One thing that shocked Guzman was that Shadow didn’t put its app in Apple’s or Google’s app stores, and instead forced users to “sideload” it — basically, download the app through a different channel. That’s a difficult process for experienced smartphone users, let alone someone who barely uses a smartphone.

“A lot of our jaws hit the floor when we saw that they didn’t even use the proper mobile app stores to deploy the apps,” Guzman said. “It had red flags all over it.”

The 2016 app, by contrast, was available in app stores for precinct chairs to download the way they would any other app by the beginning of October 2015 (you can still find both the Democrat and Republican versions in Android’s app store). Gramley guesses the difference here is that Shadow didn’t finish its app in time to get the app stores’ approval.

InterKnowlogy also built an automated phone system that precinct chairs could use to call in the results if they weren’t able to or didn’t want to use the app. Even with all of its work training precinct chairs on the app, Guzman said a “large percentage” of the results (he couldn’t remember the exact number) were reported through the phone. According to Gramley, there were “a couple disconnections,” but it was “not a major issue.”

This year’s caucus appears to have relied on human operators instead, and, the New York Times reported, there weren’t enough of them to handle a call load that really should have been anticipated after 2016.

Gramley joined the project about six months before the app’s debut, when the prototypes were done and the work building the actual apps began. He said there were about five to seven engineers on the project working full time at that point. They had a “code complete” version two months before the caucus and spent the rest of the time testing it out and fixing bugs.

Even with the comparatively longer lead time, Gramley said, InterKnowlogy’s engineering team was working 80-hour weeks leading up to the caucus.

“We pulled it off, but we had a lot of late nights leading up to it,” he said.

Had InterKnowlogy been offered the same tight deadline as Shadow apparently was, Guzman said he wouldn’t have accepted the project.

“There’s too much at risk,” he said. “I just wouldn’t have done it.”

Time was not the only thing Shadow was short on. Federal Election Commission records show that the IDP paid Shadow just $63,000 for its work on the app. Even if you combine that amount with the $58,000 that the Nevada State Democratic Party paid Shadow for a very similar (and, now, unused) version, that’s still far less than what an experienced company with the necessary talented engineers would charge for this kind of work. Gramley didn’t know how much InterKnowlogy was paid, but he estimated that the engineers’ salaries alone would have been between $1 million and $1.5 million for six months of work.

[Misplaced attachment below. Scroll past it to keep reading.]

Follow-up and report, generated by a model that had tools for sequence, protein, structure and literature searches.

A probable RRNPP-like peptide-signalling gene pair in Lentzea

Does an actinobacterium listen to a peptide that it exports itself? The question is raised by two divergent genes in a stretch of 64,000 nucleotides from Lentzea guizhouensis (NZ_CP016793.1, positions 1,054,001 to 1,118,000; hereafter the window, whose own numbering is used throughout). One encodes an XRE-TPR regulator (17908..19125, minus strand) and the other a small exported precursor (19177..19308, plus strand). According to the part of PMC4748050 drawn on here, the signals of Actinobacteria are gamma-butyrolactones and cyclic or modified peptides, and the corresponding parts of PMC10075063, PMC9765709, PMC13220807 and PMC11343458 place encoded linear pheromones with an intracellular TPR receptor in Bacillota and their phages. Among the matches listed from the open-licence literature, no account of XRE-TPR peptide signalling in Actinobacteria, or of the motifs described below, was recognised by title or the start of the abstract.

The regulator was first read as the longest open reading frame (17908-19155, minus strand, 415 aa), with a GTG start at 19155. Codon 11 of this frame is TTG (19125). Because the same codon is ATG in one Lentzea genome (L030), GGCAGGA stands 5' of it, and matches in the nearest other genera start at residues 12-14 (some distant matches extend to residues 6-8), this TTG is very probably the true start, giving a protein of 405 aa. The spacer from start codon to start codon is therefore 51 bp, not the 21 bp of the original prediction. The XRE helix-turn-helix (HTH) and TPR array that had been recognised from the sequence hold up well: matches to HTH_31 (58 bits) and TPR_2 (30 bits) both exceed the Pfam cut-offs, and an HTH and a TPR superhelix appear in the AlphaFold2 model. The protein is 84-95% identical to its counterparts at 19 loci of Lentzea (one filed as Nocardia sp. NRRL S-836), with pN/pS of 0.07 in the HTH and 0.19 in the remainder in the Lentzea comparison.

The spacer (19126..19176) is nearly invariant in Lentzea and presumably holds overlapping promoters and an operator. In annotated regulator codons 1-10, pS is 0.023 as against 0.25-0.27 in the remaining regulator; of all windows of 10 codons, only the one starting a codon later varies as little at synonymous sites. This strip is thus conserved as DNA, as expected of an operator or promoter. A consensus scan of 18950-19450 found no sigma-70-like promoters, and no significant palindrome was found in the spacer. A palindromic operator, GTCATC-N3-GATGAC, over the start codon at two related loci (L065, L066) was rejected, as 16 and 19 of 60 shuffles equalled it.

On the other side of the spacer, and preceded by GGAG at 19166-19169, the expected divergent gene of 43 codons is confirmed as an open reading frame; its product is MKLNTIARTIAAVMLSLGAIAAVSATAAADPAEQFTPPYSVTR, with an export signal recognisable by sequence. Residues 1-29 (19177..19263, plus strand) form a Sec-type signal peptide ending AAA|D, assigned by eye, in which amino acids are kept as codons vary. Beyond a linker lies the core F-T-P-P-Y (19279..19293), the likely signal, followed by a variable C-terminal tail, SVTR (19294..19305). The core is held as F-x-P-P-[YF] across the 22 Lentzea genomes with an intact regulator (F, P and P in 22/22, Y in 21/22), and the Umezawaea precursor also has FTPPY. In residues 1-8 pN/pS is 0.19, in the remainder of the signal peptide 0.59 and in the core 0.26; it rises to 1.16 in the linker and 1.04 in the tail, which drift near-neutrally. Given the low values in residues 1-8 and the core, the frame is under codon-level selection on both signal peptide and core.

Guzman wouldn’t reveal how much InterKnowlogy was paid but said it was “at least” 10 times more than Shadow was.

“You get what you pay for,” he said.

According to the New York Times, only a quarter of the chairs in Iowa were able to use Shadow’s app. The rest relied on the phone system, which was overwhelmed with calls. Many chairs reporting hours-long hold times and hang-ups before they could report their results (including one while the chair was on CNN).

When all was said and done, Microsoft took a bit of a victory lap, posting about the “new technology” that “ushered in a new era for the caucuses.” PBS even cited the app and its speed as marking the beginning of “the smartphone election.” Ninety-five percent of the 2016 caucus results were in before 11 pm CT.

Four years later and more than 85 hours after the 2020 Iowa caucus began, the results are still not complete and the Democratic National Committee chair is calling for a recanvass. Asked for comment, Shadow pointed Recode to a statement on its website that said it “sincerely regrets” what happened on caucus night and “will apply the lessons learned in the future.”

The Iowa Democratic Party didn’t respond to request for comment on why it didn’t use the 2016 app for this year, and Microsoft wouldn’t comment beyond a tweet from a spokesperson that said it wasn’t involved in the 2020 app.

What frustrates Guzman and Gramley is that Shadow’s mistakes are being used to disparage the very concept of using mobile apps for elections, and InterKnowlogy’s success in 2016 has largely been erased. Several articles about 2020’s woes didn’t mention the 2016 app’s existence. For instance, the Wall Street Journal said “Iowa’s tally-by-app experiment failed.”

Despite pre-caucus concerns that the app could get hacked and the results altered, in the end its undoing appears to be something decidedly less nefarious: The people behind it didn’t know what they were doing. That disaster of a mobile app was the effect, not the cause. And that’s a mistake humans have been making for millennia — since well before apps and smartphones were even invented.

“My fear is that the lesson people will take from this is that apps are bad for this, not that bad processes are bad for this,” Gramley said. “It’s unfortunate because you can do this the right way. There is a right way to do this.”